European captain Paul McGinley will follow in the footsteps of opposite number Tom Watson when he names his remaining vice-captains for the Ryder Cup.
Watson named Steve Stricker as his third and final vice-captain today, the 47-year-old joining Andy North, 64, and 71-year-old Ray Floyd on the US captain's backroom staff.
McGinley has so far chosen Sam Torrance and Des Smyth as his assistants and will name the others once the European team is finalised at the end of August.
"It's a very strong appointment from Tom," McGinley said ahead of the US PGA Championship at Valhalla, where a shoulder injury means the Dubliner is restricted to commentating, rather than playing.
"I know Steve very well. Not only has he been a great golfer but he's been a great person, as well. I think he will complement very much what Tom has got in terms of Ray Floyd and Andy North in being a current player.
"It's something that I will be doing when I do appoint my vice-captains... those vice-captains will be current players."
The likes of Rory McIlroy, Sergio Garcia, Henrik Stenson, Justin Rose, Martin Kaymer and Victor Dubuisson are guaranteed their place on the team for Gleneagles, but the remaining three places remain up for grabs.
Graeme McDowell moved into the automatic places by finishing joint eighth in the Bridgestone Invitational on Sunday, but the man who claimed the winning point at Celtic Manor in 2010 is just 1.98 points ahead of Jamie Donaldson.
"It's still all up for grabs. I know the players are not taking anything for granted" - Paul McGinley
Donaldson occupies the last automatic place but is less than one world ranking point clear of Luke Donald.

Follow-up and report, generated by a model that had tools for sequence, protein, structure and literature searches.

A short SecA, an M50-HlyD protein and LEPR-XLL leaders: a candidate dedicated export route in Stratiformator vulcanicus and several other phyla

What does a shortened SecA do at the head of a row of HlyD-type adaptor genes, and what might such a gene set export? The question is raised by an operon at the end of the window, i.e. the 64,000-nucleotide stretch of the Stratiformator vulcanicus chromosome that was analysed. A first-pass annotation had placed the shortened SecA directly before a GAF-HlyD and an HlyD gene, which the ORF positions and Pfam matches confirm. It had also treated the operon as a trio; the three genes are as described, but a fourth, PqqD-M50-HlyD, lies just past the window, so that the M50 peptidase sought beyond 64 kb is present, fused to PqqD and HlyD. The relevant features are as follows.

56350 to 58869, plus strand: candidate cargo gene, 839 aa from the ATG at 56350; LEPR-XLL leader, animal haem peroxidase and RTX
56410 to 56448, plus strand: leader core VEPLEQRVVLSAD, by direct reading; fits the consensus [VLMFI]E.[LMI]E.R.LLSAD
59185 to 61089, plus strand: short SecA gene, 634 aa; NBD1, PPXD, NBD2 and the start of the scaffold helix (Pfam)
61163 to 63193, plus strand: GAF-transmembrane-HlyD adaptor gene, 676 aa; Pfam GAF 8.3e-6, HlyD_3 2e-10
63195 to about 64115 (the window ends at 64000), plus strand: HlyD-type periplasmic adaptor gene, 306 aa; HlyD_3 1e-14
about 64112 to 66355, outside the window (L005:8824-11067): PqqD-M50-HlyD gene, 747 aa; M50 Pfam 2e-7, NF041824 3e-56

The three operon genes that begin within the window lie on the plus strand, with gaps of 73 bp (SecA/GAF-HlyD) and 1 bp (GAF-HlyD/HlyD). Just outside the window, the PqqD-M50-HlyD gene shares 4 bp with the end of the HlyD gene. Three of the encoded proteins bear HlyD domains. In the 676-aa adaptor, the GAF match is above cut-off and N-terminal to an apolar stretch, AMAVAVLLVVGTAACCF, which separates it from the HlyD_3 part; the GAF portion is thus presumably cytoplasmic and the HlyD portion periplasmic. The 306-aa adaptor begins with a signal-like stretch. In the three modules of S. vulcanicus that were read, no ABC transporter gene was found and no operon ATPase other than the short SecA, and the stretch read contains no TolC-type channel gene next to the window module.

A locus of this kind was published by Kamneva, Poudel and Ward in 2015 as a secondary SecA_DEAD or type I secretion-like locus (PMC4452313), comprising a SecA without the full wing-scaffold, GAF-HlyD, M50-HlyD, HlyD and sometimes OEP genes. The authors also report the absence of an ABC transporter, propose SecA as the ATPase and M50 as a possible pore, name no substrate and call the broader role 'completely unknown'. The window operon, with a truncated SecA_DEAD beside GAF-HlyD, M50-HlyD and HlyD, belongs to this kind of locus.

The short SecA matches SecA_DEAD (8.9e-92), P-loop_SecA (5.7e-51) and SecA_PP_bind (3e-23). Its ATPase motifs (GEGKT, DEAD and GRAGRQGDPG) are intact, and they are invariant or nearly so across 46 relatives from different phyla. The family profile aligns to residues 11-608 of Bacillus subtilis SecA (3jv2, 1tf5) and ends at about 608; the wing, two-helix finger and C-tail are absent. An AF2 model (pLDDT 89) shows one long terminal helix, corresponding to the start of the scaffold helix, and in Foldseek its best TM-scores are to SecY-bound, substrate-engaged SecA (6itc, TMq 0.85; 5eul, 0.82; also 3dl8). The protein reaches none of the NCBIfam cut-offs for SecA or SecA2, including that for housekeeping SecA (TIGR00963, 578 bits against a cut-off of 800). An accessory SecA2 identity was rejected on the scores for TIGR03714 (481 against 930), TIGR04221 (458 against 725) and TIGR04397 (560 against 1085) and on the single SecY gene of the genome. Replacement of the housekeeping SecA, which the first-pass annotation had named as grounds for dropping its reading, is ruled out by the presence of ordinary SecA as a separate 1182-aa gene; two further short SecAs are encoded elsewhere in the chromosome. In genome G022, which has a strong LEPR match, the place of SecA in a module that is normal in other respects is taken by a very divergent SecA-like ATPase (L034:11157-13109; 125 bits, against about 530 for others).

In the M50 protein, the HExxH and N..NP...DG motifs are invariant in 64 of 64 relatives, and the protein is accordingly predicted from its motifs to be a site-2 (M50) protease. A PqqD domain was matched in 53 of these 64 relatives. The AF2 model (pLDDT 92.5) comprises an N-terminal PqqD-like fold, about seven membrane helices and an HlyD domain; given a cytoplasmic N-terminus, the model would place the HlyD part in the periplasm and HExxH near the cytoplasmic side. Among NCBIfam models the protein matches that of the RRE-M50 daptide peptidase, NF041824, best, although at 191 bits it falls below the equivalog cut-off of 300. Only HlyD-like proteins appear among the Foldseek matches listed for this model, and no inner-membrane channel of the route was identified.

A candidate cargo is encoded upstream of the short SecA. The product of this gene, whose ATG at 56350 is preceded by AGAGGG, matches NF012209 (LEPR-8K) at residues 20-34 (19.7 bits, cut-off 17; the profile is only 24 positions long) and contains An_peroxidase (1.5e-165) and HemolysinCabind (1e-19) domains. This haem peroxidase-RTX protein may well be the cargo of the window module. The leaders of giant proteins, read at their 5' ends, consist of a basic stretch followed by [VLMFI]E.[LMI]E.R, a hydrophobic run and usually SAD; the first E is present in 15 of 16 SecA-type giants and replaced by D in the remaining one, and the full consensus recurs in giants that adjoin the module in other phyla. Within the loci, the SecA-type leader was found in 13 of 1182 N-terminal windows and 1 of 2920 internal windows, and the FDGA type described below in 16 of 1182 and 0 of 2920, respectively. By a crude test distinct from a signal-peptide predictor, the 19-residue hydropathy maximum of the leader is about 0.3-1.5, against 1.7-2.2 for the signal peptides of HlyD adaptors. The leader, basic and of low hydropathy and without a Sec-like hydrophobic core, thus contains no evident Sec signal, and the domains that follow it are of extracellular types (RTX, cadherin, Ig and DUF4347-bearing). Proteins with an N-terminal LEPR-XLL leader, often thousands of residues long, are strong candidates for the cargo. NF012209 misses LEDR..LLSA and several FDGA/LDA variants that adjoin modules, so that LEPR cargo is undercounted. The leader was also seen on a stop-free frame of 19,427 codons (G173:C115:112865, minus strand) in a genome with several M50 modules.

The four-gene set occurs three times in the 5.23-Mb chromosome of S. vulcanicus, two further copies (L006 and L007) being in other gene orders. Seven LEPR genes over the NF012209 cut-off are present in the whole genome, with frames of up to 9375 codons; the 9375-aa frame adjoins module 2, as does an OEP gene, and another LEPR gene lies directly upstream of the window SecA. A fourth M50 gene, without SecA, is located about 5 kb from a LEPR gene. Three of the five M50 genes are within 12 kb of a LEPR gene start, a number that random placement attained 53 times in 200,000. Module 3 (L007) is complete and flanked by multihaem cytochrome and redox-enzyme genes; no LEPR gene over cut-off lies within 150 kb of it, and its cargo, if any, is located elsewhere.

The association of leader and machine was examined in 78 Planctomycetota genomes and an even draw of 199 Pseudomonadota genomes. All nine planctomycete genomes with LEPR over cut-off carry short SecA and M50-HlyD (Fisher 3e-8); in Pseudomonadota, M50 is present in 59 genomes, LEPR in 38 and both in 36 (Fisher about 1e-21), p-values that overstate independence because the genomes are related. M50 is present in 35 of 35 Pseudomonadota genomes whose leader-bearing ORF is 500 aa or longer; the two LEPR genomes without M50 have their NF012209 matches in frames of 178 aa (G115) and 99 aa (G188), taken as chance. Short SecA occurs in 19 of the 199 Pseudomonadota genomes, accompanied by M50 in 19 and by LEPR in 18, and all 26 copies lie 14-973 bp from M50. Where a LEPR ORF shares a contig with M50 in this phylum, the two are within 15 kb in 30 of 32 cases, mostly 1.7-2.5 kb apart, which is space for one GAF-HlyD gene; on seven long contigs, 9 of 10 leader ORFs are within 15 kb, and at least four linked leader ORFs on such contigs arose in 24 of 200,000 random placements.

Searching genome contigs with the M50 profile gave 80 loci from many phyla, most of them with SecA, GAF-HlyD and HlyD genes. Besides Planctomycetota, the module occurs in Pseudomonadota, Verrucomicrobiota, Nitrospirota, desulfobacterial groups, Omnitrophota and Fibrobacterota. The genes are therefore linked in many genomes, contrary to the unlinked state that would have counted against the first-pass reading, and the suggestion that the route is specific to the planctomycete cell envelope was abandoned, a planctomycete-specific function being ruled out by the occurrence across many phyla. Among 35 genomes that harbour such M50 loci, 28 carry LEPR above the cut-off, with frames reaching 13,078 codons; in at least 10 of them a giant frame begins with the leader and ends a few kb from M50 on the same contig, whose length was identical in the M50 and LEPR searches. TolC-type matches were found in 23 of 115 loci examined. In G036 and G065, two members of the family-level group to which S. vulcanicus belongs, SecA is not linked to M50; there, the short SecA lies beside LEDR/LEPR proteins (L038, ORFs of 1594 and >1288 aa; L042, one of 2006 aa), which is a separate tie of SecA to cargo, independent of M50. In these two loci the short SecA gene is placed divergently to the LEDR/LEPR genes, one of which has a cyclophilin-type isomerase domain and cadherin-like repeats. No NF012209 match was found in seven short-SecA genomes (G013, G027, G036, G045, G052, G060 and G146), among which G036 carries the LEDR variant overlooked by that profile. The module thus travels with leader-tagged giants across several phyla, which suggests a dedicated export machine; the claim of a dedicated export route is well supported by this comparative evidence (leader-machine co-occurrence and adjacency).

"There's two big events left in terms of ranking points from the European perspective," McGinley added.
"One is obviously this week but the first event in the FedEx Cup play-offs (The Barclays from August 21-24) also counts for world ranking points.
"There will be a lot of points available for that so the guys who are playing in that have a real advantage.
The last three events on the European Tour will have a factor, but the points available will not be as large.
"It's still all up for grabs. I know the players are not taking anything for granted. Thomas Bjorn, for example, really feels he still has to have some more good weeks, because he realizes the quality of players chasing him are so strong."
With Donald, Ian Poulter and Lee Westwood all outside the qualifying places, McGinley might have to use all three of his wild cards on players who were part of the 2012 'Miracle at Medinah,' when Europe came from 10-6 down on the final day to win.
But the 47-year-old is not guaranteeing anyone a place based on their past performances.
"I certainly have not told Ian Poulter he's going to be a pick. He knows that," McGinley added.
"But with his pedigree and his background, of course he has got a great chance of being one, but he needs to keep showing form just like all the rest of the guys do.
"He's very close to the team. He's only one decent performance away from being automatic on the team. He's not a huge worry for me because his form has been quite good and he's amassed a huge amount of points."
McGinley's opposite number certainly seems to have a harder task, with Dustin Johnson ruling himself out while he deals with "personal challenges," and Jason Dufner and Tiger Woods battling injuries.
"I don't like that all these guys are showing up hurt or leaving the Tour for personal reasons," Stricker said.
"But we've got a lot of great players still in the mix. The team hasn't been set yet, but the guys just outside the points I know are excited to play and are trying to earn points this week.
"I know how deeply Tiger wants to be a part of this team and I think that's why he's here. He wants to show that he can play, that he's going to get healthy because he was on that last Ryder Cup team and we didn't get it done. There's a bunch of guys who want to try to get that cup back. It still stings."